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THE BROTHERS BOSWELL
By Philip Baruth
Soho, 2010 ($14.00)
Soho, 2009 ($24.00)
Reviewed by Shirley Wetzel
It is well-known that Samuel Johnson, who compiled the first English-language dictionary, and James Boswell, writer and diarist, were good friends. It is not as well-known that Boswell's family had a history of mental illness. Baruth takes that family history and builds a fictional version of the historic story that is entertaining and unique.
James Boswell began his hero-worship of Johnson when he was a teenager growing up in the historic heart of Edinburgh. His father, a prominent judge, brought home the hefty two-volume dictionary that would change the lives of the brothers Boswell forever because it was necessary for his profession. While the elder Boswell scorns the volumes and their creator because of what he sees as Johnson's insult to the Scots, his sons, James and John, fall in love with the weighty tomes, studying the pages for hours and playing their own dictionary game, using obscure words from its pages to insult each other for hours on end.
The story alternates between the Boswells' early life in Edinburgh, and London in 1762/1763. James, a dapper young dandy who has managed to banish all traces of his Scottish heritage from his speech, manages to meet and befriend his hero. Soon it becomes common to see the mismatched pair, the older Dr. Johnson, rotund, gruff, and quick to anger, and the trim, well-dressed and well-mannered young Boswell roaming the streets of London. The growing friendship of Johnson and Boswell is seen through the eyes of John Boswell, James' younger brother, who is quite mad and insanely jealous of his older brother. John, who has come to London after being hospitalized for mental illness for several months, is incensed that his brother refuses to admit him to the dazzling literary scene or introduce him to his famous friends. He concocts a plan to force James and Johnson to apologize, and if they refuse, he has a set of almost magical golden pistols to persuade them. He leads them on a merry chase through the mean, not to mention smelly and filthy, streets and alleyways of London in his quest to be acknowledged.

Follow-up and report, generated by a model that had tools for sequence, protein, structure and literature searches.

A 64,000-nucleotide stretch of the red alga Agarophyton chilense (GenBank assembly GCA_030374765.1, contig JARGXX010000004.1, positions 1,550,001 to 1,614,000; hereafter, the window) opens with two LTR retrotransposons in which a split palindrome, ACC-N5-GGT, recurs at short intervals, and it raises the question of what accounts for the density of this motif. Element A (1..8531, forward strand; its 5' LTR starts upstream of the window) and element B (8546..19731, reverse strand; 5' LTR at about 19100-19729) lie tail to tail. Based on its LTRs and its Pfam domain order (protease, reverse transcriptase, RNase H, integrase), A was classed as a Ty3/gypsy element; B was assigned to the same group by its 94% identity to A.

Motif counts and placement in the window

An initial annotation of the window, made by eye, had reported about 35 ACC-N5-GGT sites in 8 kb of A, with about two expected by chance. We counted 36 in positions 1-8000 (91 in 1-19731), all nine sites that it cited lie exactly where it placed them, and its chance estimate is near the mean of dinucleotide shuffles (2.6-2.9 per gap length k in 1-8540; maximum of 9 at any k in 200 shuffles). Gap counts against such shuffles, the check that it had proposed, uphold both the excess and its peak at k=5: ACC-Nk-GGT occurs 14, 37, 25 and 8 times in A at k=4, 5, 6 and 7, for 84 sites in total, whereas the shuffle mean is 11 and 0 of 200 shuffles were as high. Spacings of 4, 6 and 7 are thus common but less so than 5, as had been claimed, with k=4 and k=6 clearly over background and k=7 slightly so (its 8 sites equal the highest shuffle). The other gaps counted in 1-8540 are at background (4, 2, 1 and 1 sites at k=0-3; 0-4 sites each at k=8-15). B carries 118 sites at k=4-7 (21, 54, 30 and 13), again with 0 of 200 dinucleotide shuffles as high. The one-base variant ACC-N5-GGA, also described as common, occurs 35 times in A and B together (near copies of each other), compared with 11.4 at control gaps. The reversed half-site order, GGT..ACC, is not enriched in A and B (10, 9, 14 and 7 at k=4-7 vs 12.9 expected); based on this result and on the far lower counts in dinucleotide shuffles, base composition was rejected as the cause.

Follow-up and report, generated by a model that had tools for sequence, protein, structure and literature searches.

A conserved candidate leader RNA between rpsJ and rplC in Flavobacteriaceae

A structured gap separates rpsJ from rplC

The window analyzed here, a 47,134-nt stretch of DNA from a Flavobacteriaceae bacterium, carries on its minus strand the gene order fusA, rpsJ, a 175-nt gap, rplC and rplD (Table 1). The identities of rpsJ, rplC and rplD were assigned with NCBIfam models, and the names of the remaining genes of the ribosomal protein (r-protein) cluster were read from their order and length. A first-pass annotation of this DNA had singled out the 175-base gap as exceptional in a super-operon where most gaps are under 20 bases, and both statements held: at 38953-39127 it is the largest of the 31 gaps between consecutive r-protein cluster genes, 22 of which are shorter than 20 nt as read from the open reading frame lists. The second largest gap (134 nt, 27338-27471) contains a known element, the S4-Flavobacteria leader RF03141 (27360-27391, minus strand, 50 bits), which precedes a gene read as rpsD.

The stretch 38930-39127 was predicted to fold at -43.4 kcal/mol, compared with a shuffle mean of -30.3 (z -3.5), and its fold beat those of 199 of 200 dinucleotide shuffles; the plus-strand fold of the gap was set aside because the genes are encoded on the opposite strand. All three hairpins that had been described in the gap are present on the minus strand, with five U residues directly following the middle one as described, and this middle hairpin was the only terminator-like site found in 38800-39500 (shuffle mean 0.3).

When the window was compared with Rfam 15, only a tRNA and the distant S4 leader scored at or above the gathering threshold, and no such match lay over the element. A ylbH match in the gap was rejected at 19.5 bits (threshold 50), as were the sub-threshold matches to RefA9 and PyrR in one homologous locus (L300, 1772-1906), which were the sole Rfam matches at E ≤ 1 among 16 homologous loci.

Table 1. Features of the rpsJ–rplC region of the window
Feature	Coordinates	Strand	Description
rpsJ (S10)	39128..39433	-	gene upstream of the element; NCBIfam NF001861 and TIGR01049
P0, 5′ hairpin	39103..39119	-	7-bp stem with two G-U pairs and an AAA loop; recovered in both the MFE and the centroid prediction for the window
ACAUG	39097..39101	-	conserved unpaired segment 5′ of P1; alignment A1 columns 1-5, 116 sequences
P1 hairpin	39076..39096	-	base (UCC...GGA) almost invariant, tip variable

Baruth, whose last book, THE X-PRESIDENT, set in 2055, is a mixture of science fiction, politics, and time-travel centered around a 109-year-old Bill Clinton, has a vivid imagination and a keen grasp of life in 18th century England. He has taken a "what if" approach to turn a pedestrian story of a friendship between two historical figures into a ripping, fantastical yarn.
This review is based on the hardcover edition.
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